That leaves about $150. You will probably want something with more reach for wildlife, so that probably means an xx-300 zoom. Norm has mentioned the Sigma 70-300. Another to consider is the Pentax DA or DA-L 55-300mm f4-5.8. You should find one of them for around $100-120. (There is a weather-resistant/HD model too, using the same optical formula, but it would be more like $250 second hand.) Down the track, if the budget is available, you might want to upgrade to the current model, DA 55-300mm f4.5-6.3 PLM - which has very quiet and fast autofocus (the older ones are noisy and rather slow), but the older ones will suffice in the meantime. The older models can produce sharp images (especially if you can stop down the aperture by one or two stops). Here are some examples with the DA-L 55-300mm f4-5.8:














You can't really ask more from a $100 lens. More samples here: Pentax DA-L 55-300mm f4-5.8 sample images - Des(Australia) - Flickr

I would strongly suggest you keep a little of your budget for a flash. Yes you can use the popup on the K-3, but you will get much much better results with an external flash. Look for one that has a swivel head, so you can bounce the beam off walls and ceilings when the flash is mounted on the camera. You can get powerful manual flashes (ie you set the flash strength manually) for around $60, but I think you would find an automatic flash, using Pentax through-the-lens (PTTL) metering, much more convenient.

There are good third-party PTTL models (Metz, Godox, etc) which would be quite satisfactory on-camera, but for off-camera use you need a way to trigger them (another flash or a radio trigger) - on a tight budget, it may be better to get a model that can be triggered off-camera out of the box. The Pentax models can be triggered off-camera by the popup flash on the K-3 (with or without the popup flash contributing to the lighting of the image). I'd suggest you look for a second-hand Pentax AF-360FGZ II. Or if that is too expensive version I of that flash would be a possibility but its capability for on-camera use is limited because it doesn't swivel.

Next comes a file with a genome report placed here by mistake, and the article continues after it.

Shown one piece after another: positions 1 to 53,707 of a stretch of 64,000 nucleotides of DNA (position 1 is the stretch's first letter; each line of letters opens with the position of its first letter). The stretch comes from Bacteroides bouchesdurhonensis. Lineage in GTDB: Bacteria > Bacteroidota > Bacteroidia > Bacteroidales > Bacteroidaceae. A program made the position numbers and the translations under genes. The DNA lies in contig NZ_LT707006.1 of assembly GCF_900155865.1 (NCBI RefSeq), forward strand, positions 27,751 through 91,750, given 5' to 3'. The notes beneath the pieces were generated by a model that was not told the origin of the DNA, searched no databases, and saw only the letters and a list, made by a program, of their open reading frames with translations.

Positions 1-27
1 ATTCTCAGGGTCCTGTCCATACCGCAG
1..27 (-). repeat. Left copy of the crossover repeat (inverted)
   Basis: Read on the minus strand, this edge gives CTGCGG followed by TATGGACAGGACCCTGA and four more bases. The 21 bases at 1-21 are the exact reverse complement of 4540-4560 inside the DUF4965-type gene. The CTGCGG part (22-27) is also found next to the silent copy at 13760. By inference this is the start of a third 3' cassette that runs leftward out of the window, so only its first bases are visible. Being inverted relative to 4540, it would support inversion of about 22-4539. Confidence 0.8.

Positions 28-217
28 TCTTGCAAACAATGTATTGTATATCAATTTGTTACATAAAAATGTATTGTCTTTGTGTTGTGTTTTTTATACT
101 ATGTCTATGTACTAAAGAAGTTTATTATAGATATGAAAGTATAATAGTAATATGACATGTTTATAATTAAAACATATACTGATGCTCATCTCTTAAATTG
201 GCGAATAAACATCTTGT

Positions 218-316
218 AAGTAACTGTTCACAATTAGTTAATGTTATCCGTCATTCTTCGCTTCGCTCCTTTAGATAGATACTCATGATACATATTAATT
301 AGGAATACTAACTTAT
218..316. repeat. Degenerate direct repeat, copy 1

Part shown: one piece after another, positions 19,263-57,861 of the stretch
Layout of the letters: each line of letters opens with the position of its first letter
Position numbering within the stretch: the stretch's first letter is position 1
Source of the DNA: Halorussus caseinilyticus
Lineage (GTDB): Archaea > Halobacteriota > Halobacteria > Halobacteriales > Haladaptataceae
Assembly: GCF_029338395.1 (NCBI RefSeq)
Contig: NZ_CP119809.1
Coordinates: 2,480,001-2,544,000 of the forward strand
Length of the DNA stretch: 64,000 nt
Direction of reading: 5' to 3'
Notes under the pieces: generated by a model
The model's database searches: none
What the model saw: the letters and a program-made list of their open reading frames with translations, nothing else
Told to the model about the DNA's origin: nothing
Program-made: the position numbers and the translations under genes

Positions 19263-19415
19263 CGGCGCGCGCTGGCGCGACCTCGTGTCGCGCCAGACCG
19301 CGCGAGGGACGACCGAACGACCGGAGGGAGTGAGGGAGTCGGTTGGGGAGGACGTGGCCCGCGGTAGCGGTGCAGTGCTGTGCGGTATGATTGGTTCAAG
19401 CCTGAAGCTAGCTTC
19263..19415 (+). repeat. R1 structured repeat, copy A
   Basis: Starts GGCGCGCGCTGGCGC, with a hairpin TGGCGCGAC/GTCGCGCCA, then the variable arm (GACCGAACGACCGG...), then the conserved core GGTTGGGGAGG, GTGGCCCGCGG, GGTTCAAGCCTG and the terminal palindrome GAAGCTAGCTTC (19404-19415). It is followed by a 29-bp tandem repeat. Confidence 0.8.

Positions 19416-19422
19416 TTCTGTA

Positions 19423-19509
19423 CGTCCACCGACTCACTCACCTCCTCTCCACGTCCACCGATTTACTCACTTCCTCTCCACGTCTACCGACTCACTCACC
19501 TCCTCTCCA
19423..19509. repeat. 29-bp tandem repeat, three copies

An alternative would be to get two Godox TT350P flashes (one on-camera to trigger the other off-camera) or one TT350P and one Godox X-Pro P trigger. The flashes are about $US75 each and the X-ProP about $US60. The Godox units are very compact, light-weight, well featured (they include HSS) and easy to use. The only downside is that the recycle time is rather slow, because they run on only two AA batteries.

For more information about flashes for the Pentax system, see this guide: Comprehensive Pentax Flash Guide - Articles and Tips | PentaxForums.com

It's really worth learning about using flash effectively. Just the simple expedient of bouncing the flash from more surfaces will make a big difference to the quality of the exposure. Bouncing diffuses the light and gives much more flattering results. Have a look at these articles from Neil van Niekerk:
Bounce flash photography tutorial
bounce flash photography - be bold!
How to bounce your flash
In this video, van Niekerk tests a lot of diffusers for an indoor on-camera flash. The best results? No diffuser, just bouncing the bare flash pointed behind him.

Better still, use directional bounced flash with a flag. Van Niekerk demonstrates this with his "Black Foamie Thing" (a piece of black card strapped to the flash) in the last couple of minutes of the video. See also Indoor Exposure Mixing - PentaxForums.com

Flash can also be a big help with outdoor shooting too, e.g. to brighten up shadows on faces in harsh sunlight. (A flash with HSS helps for this.)

You may also be surprised at how useful fill flash can be when photographing wildlife, to bring out details. Here's an example.

The key is not to overdo it. Just aim for a one-two stop increase in exposure.

My other tip for a beginner would be to take photographs in RAW + jpg formats. Jpg will give you shots to view and share immediately, but RAW images let you make a lot more adjustments. There is a learning curve with post-processing but it's well worth it. If you aren't up to learning to use processing software straight away, save the RAW files for the day when you are. My biggest photographic regret is not shooting RAW for the first 6 years in which I had a DSLR - I look now at the jpgs and think how much more I could have got from those images. For images of your children, you would hate to be saying the same thing years later. Store the files and back them up (either in the cloud or to an external hard drive stored somewhere else) to preserve them.

Last edited by Des; 03-07-2020 at 04:23 PM.
03-06-2020, 05:49 PM   #11
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da35/f2.4 (cost effective) fa35/f2 (not as cost effective)

da50/f1.8.....fa50/f1.7 close to same but the da is more likely cost effective

da55-300 (cost effective)…...Tamron 70-200/f2.8 a pretty penny but very nice
03-06-2020, 08:57 PM   #12
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welcome to the forums

you will find friendly members and knowledge here


and advice on how to spend YOUR money on lenses

I suggest the following method

decide if you want new or are willing to try " experienced " lenses